Read my review of SECRETARIAT. 
Disney's transfer of their latest inspirational sports movie isn't an inspiration, but nowhere near a loser either. The 1080p Blu-ray has a running issue with softness and noise. In darker lit scenes, the picture ranges from muddy to fuzzy. These same scenes don't have the same lush color palette as the rest of the disc. But like its namesake, the disc excels where it needs to -- the race scenes are gorgeous. Details are crisp and the colors are luscious. Even the lower grade cameras used for the horse mounted shots look great.
The disc really makes good its potential with its DTS-HD Master Audio 5.1 soundtrack. The sounds of the horses racing washes over the soundscape and puts the viewer in the race. The LFE track is used so effectively in this instance to create a real sense of the power of these animals. Likewise, ambiance is nicely done in crowd scenes, putting us in the middle of the enthusiastic fans. Directionality is quite immersive. Voices and sound effects come from the speakers as if we are sitting in the camera's seat.
For the special features, director Randall Wallace gives a commentary track that underlines his background as a screenwriter. For a good portion I felt like I was listening to him give the emotional pitch of the story. Throughout he comments on the talent of his crew to recreate real life locations wherever they could find a suitable alternative. Additionally, he describes the liberty the film takes with specific facts in order to tell the broader story. This information is flushed out even further in the disc's most interesting featurette -- "A Director's Inspiration." In the 20-minute mini-doc, Wallace sits down with Secretariat's real owner Penny Chenery and discusses her point of view on the real events that inspired the film and how she felt about the film's portrayal of them. Rarely do you get to hear so candidly from the subject of a biopic.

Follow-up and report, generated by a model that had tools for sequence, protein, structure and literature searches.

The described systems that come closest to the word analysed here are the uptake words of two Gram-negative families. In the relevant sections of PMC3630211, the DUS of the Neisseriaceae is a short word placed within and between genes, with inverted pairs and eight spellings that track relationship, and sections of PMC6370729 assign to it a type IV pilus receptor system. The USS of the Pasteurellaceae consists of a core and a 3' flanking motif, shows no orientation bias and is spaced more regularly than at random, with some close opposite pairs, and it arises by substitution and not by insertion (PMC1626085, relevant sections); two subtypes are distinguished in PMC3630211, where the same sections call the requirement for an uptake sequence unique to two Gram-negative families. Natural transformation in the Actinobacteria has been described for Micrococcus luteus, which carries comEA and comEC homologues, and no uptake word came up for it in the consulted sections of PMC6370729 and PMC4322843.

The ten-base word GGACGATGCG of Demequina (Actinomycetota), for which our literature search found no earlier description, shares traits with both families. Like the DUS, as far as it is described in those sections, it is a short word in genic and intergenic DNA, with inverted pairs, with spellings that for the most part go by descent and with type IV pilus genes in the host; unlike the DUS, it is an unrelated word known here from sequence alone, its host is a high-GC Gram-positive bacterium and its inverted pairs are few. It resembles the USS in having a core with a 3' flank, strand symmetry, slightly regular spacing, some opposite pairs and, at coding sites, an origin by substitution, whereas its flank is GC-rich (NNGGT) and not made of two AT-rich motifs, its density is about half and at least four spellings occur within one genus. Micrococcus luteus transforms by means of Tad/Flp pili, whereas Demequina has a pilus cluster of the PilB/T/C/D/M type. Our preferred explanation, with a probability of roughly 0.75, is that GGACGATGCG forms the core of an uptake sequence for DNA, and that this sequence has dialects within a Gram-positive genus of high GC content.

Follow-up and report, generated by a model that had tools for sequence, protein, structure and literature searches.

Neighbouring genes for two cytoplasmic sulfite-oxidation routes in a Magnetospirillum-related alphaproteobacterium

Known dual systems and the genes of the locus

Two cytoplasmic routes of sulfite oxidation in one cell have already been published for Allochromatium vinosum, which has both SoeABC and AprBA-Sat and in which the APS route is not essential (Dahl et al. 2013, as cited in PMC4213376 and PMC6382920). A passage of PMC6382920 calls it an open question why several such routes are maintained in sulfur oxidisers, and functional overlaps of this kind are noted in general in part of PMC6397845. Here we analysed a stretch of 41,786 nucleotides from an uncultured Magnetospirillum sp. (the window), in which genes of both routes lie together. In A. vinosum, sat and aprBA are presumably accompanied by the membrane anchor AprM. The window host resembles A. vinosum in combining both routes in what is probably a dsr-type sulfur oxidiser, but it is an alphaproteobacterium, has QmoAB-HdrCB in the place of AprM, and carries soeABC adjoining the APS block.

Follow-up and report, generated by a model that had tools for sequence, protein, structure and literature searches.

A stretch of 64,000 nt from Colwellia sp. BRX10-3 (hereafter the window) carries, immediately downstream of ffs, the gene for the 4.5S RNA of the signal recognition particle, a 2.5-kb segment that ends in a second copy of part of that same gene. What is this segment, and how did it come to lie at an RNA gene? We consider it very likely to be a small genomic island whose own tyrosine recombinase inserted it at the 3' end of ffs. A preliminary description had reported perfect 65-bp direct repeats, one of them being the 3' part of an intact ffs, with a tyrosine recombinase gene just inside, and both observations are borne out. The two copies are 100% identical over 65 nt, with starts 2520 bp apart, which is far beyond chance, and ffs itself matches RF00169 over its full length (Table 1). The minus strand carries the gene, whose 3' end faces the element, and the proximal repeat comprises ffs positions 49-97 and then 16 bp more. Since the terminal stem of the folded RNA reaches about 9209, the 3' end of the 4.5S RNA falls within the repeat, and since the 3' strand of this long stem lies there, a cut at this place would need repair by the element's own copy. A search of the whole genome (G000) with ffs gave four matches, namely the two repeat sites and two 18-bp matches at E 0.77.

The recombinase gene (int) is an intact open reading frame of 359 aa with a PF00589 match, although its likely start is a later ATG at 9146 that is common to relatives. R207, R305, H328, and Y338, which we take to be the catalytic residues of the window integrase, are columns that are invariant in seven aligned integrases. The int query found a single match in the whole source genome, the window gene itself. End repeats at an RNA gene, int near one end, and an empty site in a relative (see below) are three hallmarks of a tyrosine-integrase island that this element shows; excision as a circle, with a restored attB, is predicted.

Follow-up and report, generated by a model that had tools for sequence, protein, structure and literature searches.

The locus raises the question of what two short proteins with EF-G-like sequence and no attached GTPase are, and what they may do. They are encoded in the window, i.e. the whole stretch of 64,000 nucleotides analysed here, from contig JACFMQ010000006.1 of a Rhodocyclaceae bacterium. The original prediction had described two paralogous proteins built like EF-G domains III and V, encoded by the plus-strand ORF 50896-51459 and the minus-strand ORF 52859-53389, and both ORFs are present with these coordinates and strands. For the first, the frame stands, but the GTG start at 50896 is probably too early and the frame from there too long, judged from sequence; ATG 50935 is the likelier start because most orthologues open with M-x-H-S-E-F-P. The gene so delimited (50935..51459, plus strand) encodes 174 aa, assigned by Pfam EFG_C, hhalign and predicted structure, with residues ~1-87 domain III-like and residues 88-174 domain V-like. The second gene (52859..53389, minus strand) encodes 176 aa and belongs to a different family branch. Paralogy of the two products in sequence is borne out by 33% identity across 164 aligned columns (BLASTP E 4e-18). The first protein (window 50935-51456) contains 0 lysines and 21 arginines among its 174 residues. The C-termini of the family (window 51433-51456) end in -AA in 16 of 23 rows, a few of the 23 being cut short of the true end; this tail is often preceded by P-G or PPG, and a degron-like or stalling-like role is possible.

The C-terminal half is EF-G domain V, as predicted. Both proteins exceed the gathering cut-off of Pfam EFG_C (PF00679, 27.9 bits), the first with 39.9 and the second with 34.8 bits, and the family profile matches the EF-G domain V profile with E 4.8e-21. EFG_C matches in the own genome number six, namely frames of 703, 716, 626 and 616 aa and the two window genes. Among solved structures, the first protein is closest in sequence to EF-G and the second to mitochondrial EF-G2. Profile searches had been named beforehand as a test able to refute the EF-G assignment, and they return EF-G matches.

Another interesting feature is a computer simulation of multiple angles of Secretariat's Preakness run. Experts and firsthand spectators comment on the race. Additionally, the feature contains the original video footage of the race.
The rest of the disc features the standard making of featurettes one would expect. "Heart of a Champion" has the cast and crew discussing the film and their feelings on being part of it. "Choreographing the Races" is a nice look at how the film went about recreating Secretariat's big races. It's a condensed view of what Wallace lays out in the commentary. The deleted scenes give viewers the option of hearing Wallace give his reasons for cutting the scenes. I was surprised to hear which of the cut scenes was his favorite. There is also a music video for AJ Michalka's tune "It's Who You Are."